Earth Friendly: Bamboo flooring is beautiful, sustainable
By Meridith Byrd
Bamboo is a versatile crop, chalking up more than 1,500 uses to its resume, including screens, fences, furniture, mats and even an alternative to traditional hardwood flooring. I have had my eye on bamboo flooring for a number of years now and am in the process of having some installed in my house. Verdict? Gorgeous. The color we chose, a deep, rich brown - could not be more beautiful.
Though it may look somewhat like a tree, bamboo is actually a fast-growing grass. While traditional hardwoods, such as oak, maple and hickory, can take anywhere from 20 to more than 100 years to mature before they are ready to harvest, bamboo can be harvested after three to five years. In addition, since the root systems are not damaged during the harvesting process, there is no need to replant; the bamboo will regrow naturally. Most bamboo is grown without the need for irrigation and fertilizer, and because it has few insect predators, pesticides are not used in the cultivation. In addition, bamboo can be grown in soils that are unsuitable for other crops.
Bamboo flooring is most often made by slicing individual bamboo poles, called culms, into strips and removing the outer layers. The bamboo is then boiled in either line or boric acid to remove the starches and sugars, then dried. The two most common colors are similar to beech and oak, but there are some beautiful darker color choices available, as well.
Bamboo floors are moisture-resistant, easy to maintain, and often harder than regular hardwoods. Natural-colored bamboo is the hardest, as the carbonizing process used to darken the bamboo also makes it softer. Bamboo can also be sanded and refinished just like any other hardwood floor.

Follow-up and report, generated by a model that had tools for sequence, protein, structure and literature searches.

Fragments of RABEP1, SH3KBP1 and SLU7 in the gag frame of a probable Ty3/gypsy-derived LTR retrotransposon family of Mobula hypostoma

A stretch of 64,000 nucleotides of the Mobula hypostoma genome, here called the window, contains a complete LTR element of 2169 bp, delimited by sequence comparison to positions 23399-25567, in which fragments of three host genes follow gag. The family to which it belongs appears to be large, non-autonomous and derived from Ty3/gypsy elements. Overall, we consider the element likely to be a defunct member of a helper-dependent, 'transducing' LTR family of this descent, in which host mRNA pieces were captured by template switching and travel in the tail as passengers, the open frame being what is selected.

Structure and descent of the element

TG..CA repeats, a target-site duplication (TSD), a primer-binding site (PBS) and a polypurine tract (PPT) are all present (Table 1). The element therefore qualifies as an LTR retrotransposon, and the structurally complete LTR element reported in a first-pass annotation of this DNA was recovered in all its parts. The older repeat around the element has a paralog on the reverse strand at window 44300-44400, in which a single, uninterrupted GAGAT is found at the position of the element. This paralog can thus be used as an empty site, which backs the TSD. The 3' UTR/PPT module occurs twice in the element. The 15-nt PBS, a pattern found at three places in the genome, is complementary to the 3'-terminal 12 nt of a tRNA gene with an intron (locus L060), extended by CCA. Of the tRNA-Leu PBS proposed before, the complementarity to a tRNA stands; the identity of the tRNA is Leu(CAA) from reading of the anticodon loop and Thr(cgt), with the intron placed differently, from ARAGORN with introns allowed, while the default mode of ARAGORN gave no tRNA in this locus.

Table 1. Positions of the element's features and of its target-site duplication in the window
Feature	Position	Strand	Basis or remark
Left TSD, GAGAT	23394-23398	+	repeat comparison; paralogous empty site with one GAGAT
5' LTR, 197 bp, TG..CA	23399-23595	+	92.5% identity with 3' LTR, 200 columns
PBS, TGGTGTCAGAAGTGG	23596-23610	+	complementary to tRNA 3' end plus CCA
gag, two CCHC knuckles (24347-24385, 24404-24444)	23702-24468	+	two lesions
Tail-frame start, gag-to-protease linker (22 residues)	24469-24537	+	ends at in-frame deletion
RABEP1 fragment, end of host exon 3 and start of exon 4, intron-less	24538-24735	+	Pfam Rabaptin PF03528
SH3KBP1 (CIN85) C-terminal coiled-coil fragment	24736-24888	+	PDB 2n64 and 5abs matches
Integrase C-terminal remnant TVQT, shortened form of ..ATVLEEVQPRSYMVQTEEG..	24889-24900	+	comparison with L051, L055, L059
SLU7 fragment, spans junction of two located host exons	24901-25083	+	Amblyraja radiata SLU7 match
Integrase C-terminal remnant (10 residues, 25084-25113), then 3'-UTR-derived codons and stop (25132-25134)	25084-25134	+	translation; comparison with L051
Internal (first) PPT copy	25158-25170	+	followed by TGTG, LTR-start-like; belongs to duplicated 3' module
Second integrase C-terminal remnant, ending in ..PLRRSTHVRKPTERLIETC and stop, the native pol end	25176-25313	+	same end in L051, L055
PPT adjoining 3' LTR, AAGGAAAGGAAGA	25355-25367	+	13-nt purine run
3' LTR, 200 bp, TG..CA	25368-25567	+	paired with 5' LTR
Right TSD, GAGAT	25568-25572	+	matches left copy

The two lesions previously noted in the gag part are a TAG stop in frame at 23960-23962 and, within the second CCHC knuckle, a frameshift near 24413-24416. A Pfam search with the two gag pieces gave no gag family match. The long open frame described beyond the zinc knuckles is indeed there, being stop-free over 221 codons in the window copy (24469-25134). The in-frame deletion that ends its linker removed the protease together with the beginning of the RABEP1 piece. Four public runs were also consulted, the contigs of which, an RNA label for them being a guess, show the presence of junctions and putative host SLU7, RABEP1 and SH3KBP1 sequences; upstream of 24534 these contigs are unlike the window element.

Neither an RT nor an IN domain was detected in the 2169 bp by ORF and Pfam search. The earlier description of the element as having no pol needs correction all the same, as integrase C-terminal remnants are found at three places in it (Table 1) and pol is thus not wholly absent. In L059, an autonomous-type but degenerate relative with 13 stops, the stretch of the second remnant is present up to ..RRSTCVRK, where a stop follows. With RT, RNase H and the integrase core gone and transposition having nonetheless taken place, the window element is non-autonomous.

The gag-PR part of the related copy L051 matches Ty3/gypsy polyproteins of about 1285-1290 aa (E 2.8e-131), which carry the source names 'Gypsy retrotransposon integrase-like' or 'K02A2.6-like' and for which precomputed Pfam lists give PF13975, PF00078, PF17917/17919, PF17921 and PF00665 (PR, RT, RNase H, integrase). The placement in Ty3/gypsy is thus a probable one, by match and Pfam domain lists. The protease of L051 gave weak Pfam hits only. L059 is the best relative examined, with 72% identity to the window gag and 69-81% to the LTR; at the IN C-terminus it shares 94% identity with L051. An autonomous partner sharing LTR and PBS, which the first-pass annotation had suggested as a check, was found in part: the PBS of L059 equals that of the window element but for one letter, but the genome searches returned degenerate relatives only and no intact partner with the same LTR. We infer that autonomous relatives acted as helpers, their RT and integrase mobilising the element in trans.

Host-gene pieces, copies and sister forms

Although bamboo is heralded for its sustainability and eco-friendliness, it is not without criticism. A low concentration of formaldehyde, lower than that used in other hardwoods, is used in an adhesive in the lamination process. There are some bamboo flooring products available that avoid formaldehyde.
Bamboo, both hardwood and laminate, can be found locally at specialty flooring stores or big-box stores, and customers can elect to have it professionally installed or do it themselves. The floor comes in boxes of interlocking planks for easy installation.
To care for your new bamboo floor, never use wax, steel wool or other scouring pads, oil soap, abrasive or ammonia-based cleaners or harsh detergents. Clean up any spills promptly so that liquids are not allowed to remain on the floor. A slightly damp mop may be used to loosen dried spills, but excessively wet mops and sponges can cause the floor to swell. Keep your pets' nails trimmed to prevent them from scratching the floor.
Meridith Byrd is a marine biologist and invites readers to contact her at email@example.com.